Send to:

Choose Destination
See comment in PubMed Commons below
Br J Anaesth. 2005 Mar;94(3):300-5. Epub 2004 Nov 26.

Double-blind randomized controlled trial to determine extent of amnesia with midazolam given immediately before general anaesthesia.

Author information

  • 1Department of Anaesthesia and Pain Management, Alfred Hospital, Commercial Road, Melbourne, Victoria 3004, Australia.



Anterograde, but not retrograde, amnesia has been demonstrated following midazolam administration. However, there have been no studies investigating whether or not immediate retrograde amnesia can be produced with midazolam.


After ethics committee approval and consent, 40 adult patients undergoing surgery and general anaesthesia were randomly allocated to one of four groups: midazolam 2 mg, midazolam 5 mg, midazolam 10 mg or control (normal saline). Measurements were made from 12 min prior to induction of anaesthesia, and the study drug was administered 8 min prior to induction of anaesthesia. Midazolam effects were measured using visual recognition of posters, recall of specific events, bispectral index (BIS) and sedation visual analogue score.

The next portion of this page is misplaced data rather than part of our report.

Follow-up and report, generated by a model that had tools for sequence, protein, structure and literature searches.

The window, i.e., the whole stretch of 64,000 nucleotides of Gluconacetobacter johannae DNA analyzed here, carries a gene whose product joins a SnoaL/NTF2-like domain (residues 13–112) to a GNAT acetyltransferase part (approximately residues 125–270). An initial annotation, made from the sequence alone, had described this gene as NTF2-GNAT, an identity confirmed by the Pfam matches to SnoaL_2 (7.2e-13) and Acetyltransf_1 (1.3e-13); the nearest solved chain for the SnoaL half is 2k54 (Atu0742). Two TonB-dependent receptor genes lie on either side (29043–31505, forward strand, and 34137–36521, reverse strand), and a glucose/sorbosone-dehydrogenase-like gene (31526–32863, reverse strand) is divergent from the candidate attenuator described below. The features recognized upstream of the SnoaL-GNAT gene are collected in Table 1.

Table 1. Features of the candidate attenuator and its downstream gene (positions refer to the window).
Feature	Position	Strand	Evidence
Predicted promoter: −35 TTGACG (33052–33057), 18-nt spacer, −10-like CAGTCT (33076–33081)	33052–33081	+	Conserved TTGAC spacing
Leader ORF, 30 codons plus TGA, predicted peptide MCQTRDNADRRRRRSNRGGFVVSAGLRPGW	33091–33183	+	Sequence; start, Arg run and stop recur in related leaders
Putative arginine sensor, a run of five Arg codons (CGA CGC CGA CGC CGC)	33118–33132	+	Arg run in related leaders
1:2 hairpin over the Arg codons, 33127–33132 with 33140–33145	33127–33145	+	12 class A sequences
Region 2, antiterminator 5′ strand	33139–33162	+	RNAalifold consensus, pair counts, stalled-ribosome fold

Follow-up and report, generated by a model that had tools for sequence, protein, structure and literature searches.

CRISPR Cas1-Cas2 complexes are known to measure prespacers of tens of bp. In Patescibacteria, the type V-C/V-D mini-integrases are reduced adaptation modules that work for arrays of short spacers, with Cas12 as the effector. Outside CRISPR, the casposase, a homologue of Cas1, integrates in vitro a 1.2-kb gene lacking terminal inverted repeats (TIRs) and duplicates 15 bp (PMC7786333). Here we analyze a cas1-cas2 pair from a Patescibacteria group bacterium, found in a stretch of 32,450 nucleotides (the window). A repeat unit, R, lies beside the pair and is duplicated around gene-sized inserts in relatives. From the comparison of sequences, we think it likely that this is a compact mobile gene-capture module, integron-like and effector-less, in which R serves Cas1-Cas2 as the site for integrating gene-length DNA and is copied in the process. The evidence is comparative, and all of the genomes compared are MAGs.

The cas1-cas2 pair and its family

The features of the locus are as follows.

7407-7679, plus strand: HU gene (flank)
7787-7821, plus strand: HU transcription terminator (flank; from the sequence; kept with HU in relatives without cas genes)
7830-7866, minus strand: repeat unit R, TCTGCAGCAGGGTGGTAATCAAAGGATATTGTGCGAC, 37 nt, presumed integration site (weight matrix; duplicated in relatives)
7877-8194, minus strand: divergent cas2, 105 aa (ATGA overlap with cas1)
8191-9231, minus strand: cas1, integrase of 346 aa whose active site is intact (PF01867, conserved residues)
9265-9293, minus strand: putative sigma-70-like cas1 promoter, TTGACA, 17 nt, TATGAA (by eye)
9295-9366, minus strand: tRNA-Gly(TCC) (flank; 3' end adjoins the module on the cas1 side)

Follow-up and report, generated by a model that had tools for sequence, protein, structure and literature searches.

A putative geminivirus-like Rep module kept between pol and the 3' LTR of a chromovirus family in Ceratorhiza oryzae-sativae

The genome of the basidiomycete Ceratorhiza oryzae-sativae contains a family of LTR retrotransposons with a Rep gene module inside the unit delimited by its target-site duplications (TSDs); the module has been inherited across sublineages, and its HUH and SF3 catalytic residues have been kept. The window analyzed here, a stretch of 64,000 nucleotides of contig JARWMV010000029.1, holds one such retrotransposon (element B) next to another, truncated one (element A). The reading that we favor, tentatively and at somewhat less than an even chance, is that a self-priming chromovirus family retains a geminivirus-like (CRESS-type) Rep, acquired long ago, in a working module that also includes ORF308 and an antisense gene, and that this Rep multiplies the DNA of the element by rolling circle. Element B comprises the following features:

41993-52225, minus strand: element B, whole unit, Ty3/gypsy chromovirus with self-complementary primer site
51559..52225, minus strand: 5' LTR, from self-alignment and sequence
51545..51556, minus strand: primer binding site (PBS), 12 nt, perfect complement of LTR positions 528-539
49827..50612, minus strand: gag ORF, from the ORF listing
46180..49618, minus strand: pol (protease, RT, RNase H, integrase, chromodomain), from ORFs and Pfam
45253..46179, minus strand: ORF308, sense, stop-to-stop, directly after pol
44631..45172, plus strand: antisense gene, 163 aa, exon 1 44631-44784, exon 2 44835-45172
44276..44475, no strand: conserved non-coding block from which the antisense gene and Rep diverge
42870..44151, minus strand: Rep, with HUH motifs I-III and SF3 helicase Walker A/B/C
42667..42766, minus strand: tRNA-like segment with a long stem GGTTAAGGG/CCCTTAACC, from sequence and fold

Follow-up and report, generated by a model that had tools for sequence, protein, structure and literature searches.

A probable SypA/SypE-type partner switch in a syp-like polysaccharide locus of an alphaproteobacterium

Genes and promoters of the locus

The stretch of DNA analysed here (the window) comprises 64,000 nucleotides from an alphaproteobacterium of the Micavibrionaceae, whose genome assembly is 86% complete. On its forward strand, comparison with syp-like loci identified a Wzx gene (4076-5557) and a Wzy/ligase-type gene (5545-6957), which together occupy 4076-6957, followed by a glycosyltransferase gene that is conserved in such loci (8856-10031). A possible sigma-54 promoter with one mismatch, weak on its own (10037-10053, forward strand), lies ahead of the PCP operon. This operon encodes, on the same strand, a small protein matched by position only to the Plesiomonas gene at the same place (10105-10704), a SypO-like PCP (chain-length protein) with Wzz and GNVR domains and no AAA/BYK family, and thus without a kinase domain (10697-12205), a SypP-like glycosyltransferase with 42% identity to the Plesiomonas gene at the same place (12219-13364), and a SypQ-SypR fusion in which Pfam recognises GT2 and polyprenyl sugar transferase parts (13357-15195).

Recognition and recall rates were similar between groups up until the time of study drug administration, with no evidence of retrograde amnesia (all P>0.3). There was a dose-dependent deterioration in visual recall (P=0.002), event recollection (P<0.001), BIS (P<0.001) and sedation score (P<0.001) following i.v. midazolam when compared with control.


We found no evidence that i.v. midazolam 2-10 mg produces immediate retrograde amnesia. Midazolam causes anterograde amnesia in a dose-responsive manner.

[PubMed - indexed for MEDLINE]
Free full text
PubMed Commons home

PubMed Commons

How to join PubMed Commons

    Supplemental Content

    Full text links

    Icon for HighWire
    Loading ...
    Write to the Help Desk